posted October 20, 2014 8:04 am
Released in 1966 on Gray Ant records, this slices of classic garage rock could be a Monday morning anthem. This release is generally unknown and considered rare. The Hard Times formed around a year before this release, in San Diego, worked often on L.A.’s Sunset Strip. For a while they were the house band at the Whisky a Go Go, and played on bills with many acts such as the Doors, who would become far better known than the Hard Times.
The Hard Times’ only album release, Blew Mind
posted October 6, 2014 10:22 am
Listen for the nice drum and guitar pairing past the 1:04 mark. Yow! 13th Floor Elevators hailed from Austin, and not California like so many of their contemporaries, and were one of the strongest bands from the first psychedelic era.
posted September 29, 2014 10:22 am
Nope, not a typo, it’s The Vejtables. Another San Francisco-based band from the ’66/’67 era with a typical mean track, telling someone to make themselves scarce.
The Vejtables, in need of a good Barber Ha haircut
posted September 22, 2014 10:22 am
Racing up to #8 on the charts in 1966, this track from the Hysterians out of San Jose. It’s a cover of a Syndicate of Sound song, who were also from the San Jose area.
posted September 15, 2014 10:22 am
Rare! Only 500 copies made! Gambler were an Austrian garage/mod band with Swiss lead singer, Hans “Hansi” Buch (ex TOM BOYS, MASCOTS, and ex THE MORLOCKS). The record should have read “The Gamblers” but people weren’t so attentive in printing this one up. This one has a killer drumbeat and was recorded in late 1966 . Find out more about Layola recordings here.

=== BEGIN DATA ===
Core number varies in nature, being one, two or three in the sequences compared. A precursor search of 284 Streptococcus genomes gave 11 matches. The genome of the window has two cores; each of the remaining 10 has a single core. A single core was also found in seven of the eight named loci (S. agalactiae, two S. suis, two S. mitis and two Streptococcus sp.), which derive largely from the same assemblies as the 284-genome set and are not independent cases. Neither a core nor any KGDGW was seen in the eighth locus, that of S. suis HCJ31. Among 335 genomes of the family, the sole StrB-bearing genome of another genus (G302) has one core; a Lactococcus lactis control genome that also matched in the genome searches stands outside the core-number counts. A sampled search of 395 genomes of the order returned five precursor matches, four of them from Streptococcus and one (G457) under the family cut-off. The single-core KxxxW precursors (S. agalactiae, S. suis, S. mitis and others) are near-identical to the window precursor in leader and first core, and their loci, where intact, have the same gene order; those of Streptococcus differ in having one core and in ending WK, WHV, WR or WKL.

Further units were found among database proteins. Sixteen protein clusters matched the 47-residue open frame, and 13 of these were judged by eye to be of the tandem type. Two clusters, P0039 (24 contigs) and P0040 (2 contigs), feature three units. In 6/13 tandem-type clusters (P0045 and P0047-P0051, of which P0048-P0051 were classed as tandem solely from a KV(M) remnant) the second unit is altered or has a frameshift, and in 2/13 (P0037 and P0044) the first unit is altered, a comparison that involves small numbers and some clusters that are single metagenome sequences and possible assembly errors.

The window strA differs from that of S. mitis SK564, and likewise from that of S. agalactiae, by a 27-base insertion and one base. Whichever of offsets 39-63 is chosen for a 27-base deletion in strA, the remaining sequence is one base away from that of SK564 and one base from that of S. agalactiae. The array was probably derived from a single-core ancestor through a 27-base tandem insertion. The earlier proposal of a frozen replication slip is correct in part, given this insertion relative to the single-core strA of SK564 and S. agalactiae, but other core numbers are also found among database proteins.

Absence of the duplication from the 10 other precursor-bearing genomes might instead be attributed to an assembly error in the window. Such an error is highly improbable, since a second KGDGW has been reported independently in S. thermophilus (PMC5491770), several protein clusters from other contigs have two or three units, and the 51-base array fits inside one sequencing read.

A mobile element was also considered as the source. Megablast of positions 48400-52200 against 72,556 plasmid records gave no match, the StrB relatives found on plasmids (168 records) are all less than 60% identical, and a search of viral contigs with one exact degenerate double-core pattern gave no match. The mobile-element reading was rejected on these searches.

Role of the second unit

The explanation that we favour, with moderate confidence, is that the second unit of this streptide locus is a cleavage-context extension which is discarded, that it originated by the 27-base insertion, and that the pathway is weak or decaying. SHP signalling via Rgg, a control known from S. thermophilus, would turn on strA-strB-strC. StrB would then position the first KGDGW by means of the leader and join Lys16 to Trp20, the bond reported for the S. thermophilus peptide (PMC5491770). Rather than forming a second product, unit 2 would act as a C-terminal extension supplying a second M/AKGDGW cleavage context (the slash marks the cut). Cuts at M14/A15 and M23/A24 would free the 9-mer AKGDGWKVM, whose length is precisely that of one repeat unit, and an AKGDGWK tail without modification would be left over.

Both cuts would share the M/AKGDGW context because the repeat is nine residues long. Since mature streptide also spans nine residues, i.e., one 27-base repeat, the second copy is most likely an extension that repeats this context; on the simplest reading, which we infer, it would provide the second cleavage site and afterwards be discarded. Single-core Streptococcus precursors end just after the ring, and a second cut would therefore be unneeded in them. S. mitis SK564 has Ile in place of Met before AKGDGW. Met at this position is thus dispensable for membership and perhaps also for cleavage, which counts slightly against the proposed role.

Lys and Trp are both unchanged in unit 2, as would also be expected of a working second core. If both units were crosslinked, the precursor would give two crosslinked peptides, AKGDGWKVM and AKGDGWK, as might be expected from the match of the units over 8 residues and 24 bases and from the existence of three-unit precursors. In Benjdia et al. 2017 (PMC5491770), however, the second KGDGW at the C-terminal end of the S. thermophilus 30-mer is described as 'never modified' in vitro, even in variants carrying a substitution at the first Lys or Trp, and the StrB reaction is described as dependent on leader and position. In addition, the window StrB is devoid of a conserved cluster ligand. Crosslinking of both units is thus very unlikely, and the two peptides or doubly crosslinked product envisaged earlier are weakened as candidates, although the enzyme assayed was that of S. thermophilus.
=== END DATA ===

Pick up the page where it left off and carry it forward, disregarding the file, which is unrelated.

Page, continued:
Gambler – “Little Girl” single
posted September 8, 2014 10:22 am
A nice tune from April 1967 that’s just as much at home in Edmonton these days as the weather chills out. Cool It by The Villagers.
The Villagers You Can’t Say Single. B-side: “Cool It”
posted September 1, 2014 5:37 am
Featuring rising ah-ah-ah-ahhhhs you’re familiar with from The Beatles’ “Twist and Shout,” this track which came three years later (1966) is just as good at getting the crowd to dance.
posted August 25, 2014 5:37 am
From a two-track 45 single in 1965, The Pirates’ “Cutting Out” gets a lot done with two chords in only two minutes. Listen for the false ending around 1:45!
The Pirates – Cuttin’ Out
posted August 18, 2014 5:37 am
Released as a 7″ single in 1967, this track organ-heavy track has Simon Stokes, the Flower Children’s lead singer, lamenting how badly he has those mini-skirt blues.